secured certain pay increases, the real value of those wages dropped. It was during the era
of the National Wage Agreements that inflation rose to 20%, days lost through strikes
increased and unofficial strikes increased (Gunnigle et al, 1995). Although this may seem
that this type of collective bargaining had a bad social influence, it must be noted that
the OPEC recessions of the 1970's would have had been a contributing factor to all of the
In 1987 the government, trade unions and the FUE negotiated the PNR. Other than the
provisions for pay increases, social issues were taken into consideration: 'The programme
was to cover the period up to the end of 1990 and entailed the following provisions: -The
creation of a fiscal, exchange and monetary climate conducive to economic growth. This
included a commitment that the ration of debt to GNP should be reduced to between 5 and 7
percent; -movement towards greater equity and fairness in the tax system -measures to
generate employment opportunities -Reduction of social inequalities"
(Gunnigle et al, 1995; 191..192)
Overall the PNR proved to be a successful venture, although it was helped along by the boom
period of the late 80's. There was substantial economic growth, a reduction in the debt to
GNP ratio and a decline in strike levels (Gunnigle et al, 1995).
The PESP contained similar, but widened social commitments to the PNR. While not as entirely
successful as the PNR, the PESP had its positive social influences in the form of low
interest rates and low inflation, in spite of the recession of the early 1990's. Industrial
peace also continued throughout this period.
The PCW, like the two programmes before it, focused on social issues in increasing strength.
As this programme is still running, we can say little about its success or otherwise, other
than to say that there is still relative industrial peace, sustained economic growth and low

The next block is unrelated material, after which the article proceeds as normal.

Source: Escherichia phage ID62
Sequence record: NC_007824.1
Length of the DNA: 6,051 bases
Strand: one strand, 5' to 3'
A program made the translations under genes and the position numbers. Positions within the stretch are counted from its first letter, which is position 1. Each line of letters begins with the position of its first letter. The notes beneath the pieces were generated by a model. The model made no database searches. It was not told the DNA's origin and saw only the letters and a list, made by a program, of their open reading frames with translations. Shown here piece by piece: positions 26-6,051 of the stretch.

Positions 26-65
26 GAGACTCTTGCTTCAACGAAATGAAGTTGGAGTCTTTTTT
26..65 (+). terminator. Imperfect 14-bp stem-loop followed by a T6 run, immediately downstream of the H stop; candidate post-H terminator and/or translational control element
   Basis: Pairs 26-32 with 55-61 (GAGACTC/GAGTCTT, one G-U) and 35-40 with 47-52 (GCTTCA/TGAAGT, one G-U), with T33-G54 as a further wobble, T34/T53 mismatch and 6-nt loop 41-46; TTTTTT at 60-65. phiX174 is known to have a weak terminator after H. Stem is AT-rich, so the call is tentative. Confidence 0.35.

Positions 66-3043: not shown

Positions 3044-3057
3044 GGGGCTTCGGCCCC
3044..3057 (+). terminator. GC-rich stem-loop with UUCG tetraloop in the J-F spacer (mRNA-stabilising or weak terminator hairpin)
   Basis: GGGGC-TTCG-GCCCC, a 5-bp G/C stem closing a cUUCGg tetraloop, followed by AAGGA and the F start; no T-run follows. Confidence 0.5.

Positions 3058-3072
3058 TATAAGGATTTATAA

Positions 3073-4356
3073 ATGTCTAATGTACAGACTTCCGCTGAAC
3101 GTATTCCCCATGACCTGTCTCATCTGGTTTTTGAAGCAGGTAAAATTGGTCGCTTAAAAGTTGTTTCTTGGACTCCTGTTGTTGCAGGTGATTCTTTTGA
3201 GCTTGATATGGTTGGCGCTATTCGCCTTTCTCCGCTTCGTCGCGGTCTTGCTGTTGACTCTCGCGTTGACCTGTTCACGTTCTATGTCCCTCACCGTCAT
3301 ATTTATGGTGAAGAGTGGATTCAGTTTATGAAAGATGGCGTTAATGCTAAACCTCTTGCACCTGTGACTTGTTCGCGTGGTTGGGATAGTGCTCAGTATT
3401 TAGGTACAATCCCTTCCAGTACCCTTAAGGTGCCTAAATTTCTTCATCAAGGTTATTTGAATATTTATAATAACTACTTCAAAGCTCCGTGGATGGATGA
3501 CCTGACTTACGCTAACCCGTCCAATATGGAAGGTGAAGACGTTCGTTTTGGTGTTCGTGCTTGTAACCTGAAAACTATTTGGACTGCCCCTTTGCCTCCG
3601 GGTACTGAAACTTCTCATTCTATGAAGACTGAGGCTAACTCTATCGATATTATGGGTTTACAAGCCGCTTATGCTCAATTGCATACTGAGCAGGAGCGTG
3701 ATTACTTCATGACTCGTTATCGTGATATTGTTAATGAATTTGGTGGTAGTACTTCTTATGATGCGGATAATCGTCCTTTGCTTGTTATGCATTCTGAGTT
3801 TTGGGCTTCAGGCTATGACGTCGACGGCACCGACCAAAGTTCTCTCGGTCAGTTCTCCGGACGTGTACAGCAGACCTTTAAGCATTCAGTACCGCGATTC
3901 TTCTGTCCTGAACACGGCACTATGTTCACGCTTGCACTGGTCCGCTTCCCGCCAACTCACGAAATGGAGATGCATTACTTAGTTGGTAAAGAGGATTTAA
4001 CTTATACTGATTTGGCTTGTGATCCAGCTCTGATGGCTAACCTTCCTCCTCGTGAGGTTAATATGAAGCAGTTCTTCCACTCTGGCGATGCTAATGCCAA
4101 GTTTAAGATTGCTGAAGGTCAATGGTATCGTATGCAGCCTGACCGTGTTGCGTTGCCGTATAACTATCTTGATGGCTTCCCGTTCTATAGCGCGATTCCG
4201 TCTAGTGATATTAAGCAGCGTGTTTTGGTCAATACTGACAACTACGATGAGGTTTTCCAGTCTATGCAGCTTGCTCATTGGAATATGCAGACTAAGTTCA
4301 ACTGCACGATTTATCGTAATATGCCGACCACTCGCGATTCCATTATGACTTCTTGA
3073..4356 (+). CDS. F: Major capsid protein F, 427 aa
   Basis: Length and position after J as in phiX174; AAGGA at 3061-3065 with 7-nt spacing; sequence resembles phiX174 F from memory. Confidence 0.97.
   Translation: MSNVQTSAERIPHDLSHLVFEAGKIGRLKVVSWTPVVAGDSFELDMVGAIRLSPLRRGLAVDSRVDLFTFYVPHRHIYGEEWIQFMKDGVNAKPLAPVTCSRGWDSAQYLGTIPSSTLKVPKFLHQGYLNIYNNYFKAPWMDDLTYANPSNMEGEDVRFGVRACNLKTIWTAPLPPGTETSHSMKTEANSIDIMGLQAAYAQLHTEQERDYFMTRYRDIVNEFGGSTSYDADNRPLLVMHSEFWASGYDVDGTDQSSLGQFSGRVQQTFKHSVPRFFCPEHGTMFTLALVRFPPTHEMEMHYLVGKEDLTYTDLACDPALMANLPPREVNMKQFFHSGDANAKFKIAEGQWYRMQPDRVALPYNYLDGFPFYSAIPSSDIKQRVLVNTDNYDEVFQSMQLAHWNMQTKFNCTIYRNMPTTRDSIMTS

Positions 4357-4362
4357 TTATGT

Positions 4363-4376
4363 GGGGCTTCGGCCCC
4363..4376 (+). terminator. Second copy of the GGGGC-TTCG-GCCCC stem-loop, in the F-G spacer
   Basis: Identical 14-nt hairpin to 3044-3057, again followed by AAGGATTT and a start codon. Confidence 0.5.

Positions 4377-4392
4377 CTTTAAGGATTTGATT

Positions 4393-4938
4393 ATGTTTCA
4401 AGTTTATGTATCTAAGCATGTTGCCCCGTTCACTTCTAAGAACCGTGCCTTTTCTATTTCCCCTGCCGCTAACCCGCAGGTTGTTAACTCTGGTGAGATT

inflation and interest rates.
In the above discussions on the three programmes, I have only considered the more obvious
social benefits, i.e.. those which the programmes set out to achieve. There are other social
benefits which follow on from those discussed above. One of the most important of these is
confidence in the Irish economy. With industrial harmony, low interest rates, low inflation
and sustained growth comes confidence in the economy. One indicator of the fact that the
programmes inspire confidence is this: In 1987, when the PNR was being negotiated, the
Federated Union of Employers had to be coerced into the negotiations. Yet in 1993, 95% of
senior personnel managers were in favour of a further PESP style agreement. (Gunnigle et al,
1995). The stability of the agreements has provided management with a situation where they
can be reasonably sure of what is coming and can plan ahead based on that. The programmes
have also allowed successive governments to plan ahead, something normally unheard of.
Previously, governments had tended to plan for one fiscal year in the form of the budget,
but now we have a situation where they are planning for three years with the programmes. The
programmes have also provided a sense of continuity, as successive governments from all
political parties have continued the programmes. This form of planning ahead has allowed
significant progress in the areas of debt reduction, social welfare and taxation.
It is not only in an Irish context that collective bargaining has been seen as desiring an
effect on social aspects of the economy. In the UK, where there has been little, if any
centralised collective bargaining, Fox states: "[Collective bargaining] has often been seen
as, though not by all pluralists, not only as levelling up employee power to an acceptable
approximation of that of management, but also as reinforcing government social welfare and
redistributive policies in gradually reducing class difference." (Fox, 1985:22) But it would